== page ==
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Wartime origins of the Flying Padre Service - Part One

Wartime origins of the Flying Padre Service - Part One

Wartime origins of the Flying Padre Service - Part One

Brigadier Vic Pedersen was the first flying padre for The Salvation Army in northern Australia. Before he was appointed a padre in 1945, he served as a member of the Red Shield War Services – and his work led to the creation of the vital service, which is still active today.

By Jessica Morris

The Flying Padre and Outback Services is part of the bread and butter of The Salvation Army in Australia. Since 1945, flying padres have served in the aftermath of war, floods, cyclones, and drought, travelling to some of the country’s most remote locations by air to care for people.

Brigadier Vic Pedersen was appointed to RAAD 58 Operational Base Unit Truscott in Western Australia during World War Two. His work connecting with personnel at radar sites led to his assertion that The Salvation Army needed an aircraft for its ministry. A year later, the Flying Padre Service was born.

The service began 75 years ago as The Salvation Army served during wartime. Sadly, records about the Army’s work in northern Australia between 1944 and 1974 were lost in the devastation of Cyclone Tracy. However, former Flying Padre Brigadier Vic Pedersen (MBE OF) took on the mammoth task in 2002 of curating those three decades of missing history. Through this, we are given insight into the Flying Padre’s miraculous beginnings.

The Salvation Army was very active across northern Australia even before the flying padre’s operations took off. But in 1944, Brigadier Vic Pedersen entered the scene. He was appointed to serve 500 Australian military personnel at the RAAD 58 Operational Base Unit Truscott (WA), the closest part of Australia to the then Japanese-held territory in Timor and Java. With no chaplain on-site and an additional 1000 military based nearby, Vic was responsible for delivering Christmas hampers to permanent and temporary personnel across multiple radar sites. He was soon conducting Sunday services, and when a Liberator aircraft crashed in early 1945 at Truscott, killing 11 airmen, the need for greater service was clear.

As Vic recalls in his documents, “Commanding Officer Senior Leader Barry said, ‘Vic, you are our chaplain; you are to conduct the funerals.’ Vic stepped up, helping his peers grieve. And soon afterwards, a chaplain was appointed to Truscott, leaving Vic to oversee welfare and church services at radar stations.

With the assistance of Commissioner Dalziel, Brigadier Vic Pedersen acquired an ex-RAAF Tiger Moth VH-ASA as the first aircraft of the Flying Padre Service. It was dedicated at Essendon Airport on 24 September 1945, after WW2 had ended.

On one particular trip, Vic travelled 160km down the coast to a radar station and was forced to shelter for three days while a storm blew over. On arrival, he found a letter from then Territorial Leader Commissioner W.R. Dalziel enquiring about his work, to which Vic replied, “If we had a light aircraft, I could have come home in an hour.”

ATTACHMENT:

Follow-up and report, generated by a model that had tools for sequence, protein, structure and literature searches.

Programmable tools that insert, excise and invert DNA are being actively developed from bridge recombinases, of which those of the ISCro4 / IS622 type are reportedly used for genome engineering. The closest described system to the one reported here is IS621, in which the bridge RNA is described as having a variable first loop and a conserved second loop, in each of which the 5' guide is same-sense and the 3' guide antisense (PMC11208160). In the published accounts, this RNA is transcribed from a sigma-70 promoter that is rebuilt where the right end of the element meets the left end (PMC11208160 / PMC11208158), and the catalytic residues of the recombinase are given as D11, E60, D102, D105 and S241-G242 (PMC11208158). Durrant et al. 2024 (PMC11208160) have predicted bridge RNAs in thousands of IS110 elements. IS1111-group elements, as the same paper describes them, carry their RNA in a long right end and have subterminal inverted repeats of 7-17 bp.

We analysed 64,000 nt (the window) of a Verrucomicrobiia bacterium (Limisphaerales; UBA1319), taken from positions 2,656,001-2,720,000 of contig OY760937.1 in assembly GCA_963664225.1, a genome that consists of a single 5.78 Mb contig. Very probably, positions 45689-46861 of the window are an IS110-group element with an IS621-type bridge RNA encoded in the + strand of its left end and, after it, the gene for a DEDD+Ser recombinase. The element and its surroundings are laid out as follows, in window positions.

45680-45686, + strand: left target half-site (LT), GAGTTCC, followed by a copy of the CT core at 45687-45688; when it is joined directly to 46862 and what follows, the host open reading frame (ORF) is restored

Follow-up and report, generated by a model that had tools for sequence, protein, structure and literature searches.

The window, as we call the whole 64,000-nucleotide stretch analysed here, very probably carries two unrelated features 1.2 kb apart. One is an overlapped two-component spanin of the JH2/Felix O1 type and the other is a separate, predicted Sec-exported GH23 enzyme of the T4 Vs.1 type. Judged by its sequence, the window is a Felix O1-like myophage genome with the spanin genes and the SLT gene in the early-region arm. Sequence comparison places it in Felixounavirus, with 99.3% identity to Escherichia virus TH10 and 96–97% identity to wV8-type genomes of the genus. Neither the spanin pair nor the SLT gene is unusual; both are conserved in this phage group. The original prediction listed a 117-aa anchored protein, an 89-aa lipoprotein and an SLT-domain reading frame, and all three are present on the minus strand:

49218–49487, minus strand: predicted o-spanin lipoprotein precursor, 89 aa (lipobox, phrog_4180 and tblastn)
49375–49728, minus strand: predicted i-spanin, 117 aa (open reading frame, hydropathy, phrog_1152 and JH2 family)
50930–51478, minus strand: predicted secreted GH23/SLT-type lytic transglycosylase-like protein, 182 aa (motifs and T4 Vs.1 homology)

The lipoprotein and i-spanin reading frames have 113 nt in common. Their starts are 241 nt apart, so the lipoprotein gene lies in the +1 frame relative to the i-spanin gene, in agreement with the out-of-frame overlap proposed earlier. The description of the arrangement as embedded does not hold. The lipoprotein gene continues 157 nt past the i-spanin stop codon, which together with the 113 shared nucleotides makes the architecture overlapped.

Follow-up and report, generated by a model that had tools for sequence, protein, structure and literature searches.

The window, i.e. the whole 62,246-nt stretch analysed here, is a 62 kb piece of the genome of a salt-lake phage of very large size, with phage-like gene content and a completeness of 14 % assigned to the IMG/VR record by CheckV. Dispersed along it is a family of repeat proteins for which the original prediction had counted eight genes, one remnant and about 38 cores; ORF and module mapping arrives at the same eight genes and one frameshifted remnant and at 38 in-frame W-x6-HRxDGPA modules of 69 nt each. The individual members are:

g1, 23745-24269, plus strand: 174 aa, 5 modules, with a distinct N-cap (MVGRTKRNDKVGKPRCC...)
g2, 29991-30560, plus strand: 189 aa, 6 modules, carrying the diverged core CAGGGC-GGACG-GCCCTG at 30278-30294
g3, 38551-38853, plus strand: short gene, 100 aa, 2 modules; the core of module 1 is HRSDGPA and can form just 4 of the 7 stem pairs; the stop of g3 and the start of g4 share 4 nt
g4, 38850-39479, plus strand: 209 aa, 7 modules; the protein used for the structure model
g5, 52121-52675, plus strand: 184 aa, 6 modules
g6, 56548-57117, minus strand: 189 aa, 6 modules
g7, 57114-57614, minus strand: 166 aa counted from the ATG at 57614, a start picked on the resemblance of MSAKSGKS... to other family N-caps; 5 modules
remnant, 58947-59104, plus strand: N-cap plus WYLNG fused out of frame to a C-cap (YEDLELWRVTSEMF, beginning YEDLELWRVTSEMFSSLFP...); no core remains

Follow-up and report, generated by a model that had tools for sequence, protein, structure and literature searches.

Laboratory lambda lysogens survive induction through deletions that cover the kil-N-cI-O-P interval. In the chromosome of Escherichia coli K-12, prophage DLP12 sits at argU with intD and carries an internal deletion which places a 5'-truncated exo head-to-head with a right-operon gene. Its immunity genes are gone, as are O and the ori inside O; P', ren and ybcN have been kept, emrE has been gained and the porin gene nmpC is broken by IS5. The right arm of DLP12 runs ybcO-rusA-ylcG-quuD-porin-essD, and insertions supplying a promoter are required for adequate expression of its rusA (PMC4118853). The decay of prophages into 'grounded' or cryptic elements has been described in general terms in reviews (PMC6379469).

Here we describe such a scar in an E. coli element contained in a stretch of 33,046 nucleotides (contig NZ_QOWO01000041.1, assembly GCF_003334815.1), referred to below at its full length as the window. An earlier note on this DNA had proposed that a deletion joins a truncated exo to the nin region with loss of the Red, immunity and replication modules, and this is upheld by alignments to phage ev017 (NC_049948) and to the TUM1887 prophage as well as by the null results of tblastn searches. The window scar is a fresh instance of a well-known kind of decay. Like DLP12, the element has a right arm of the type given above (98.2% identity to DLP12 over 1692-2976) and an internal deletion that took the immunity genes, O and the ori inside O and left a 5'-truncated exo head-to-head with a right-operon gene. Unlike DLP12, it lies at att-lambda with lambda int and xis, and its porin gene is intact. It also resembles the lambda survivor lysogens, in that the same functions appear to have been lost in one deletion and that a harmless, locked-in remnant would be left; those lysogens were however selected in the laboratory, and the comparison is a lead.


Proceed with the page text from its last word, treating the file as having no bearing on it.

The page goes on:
The divinely inspired path to The Salvation Army Flying Padre Service was set, and just before Vic could travel to Melbourne to meet with Commissioner Dalziel, everything came together ... sort of.

“In Melbourne, Commissioner Dalziel called [me from] a garage with a flat tyre and there met Mrs Fitzgerald, the leader of a group of women called the Red Shield Units of Service. They finance the purchase of equipment for Red Shield Work,” Vic writes.

“‘What do you need now?’ was [Mrs Fitzgerald’s] opening remark. ‘An aeroplane,’ [I said].’ ‘We’ll buy it,’ [she replied]. I arrived in Melbourne a few weeks later and discovered that buying an aircraft in wartime was easier said than done.”

When Vic arrived in Melbourne, the plan was in motion, and they had their eyes set on purchasing an ex-RAAF Tiger Moth – the only aircraft available in 1945. While the Army purchased and readied the aircraft for use, Vic spent his time down south visiting the families of the men who had passed away in the Liberator crash.

Before the aircraft was ready, peace was declared. But that didn’t stop The Salvation Army from dedicating the aircraft – a VH-ASA, for God’s service. And on 24 September 1945, at Essendon Airport, it was dedicated by Commissioner Dalziel in front of all Red Shield personnel.

From 1946, Vic would also travel with a folding bike, enabling him to reach even the most remote locations after landing his aircraft.Soon, Vic was in the air, and the first journey of The Salvation Army Flying Padre Service was in motion. But on returning to Truscott and the surrounding radar sites, he soon found his service wasn’t needed. Instead, he conducted services in Wyndham, Broome, and Derby in northern Western Australia. He recalls using many Red Shield songbooks and playing the English concertina.

During this time, a request came in for Vic to transport a Mrs Heggie and her five-year-old son, Bruce, to the Presbyterian-run Kunmunya Mission. Situated 480km from Broome, the plan was to reunite them with Reverend Jack Heggie. It should have been a simple trip, but the journey was marred by 3000m of fog below them. When Vic conducted an emergency landing on the wrong side of a hill, they were left stranded in the Australian outback with two pints of water. The VH-ASA was immoveable.

Check in next week for part two of the story about how God provided ‘streams of living water’.

All photos courtesy of The Salvation Army Museum, Australia. Visit the Flying Padre Services exhibit at The Salvation Army Museum in Melbourne. 

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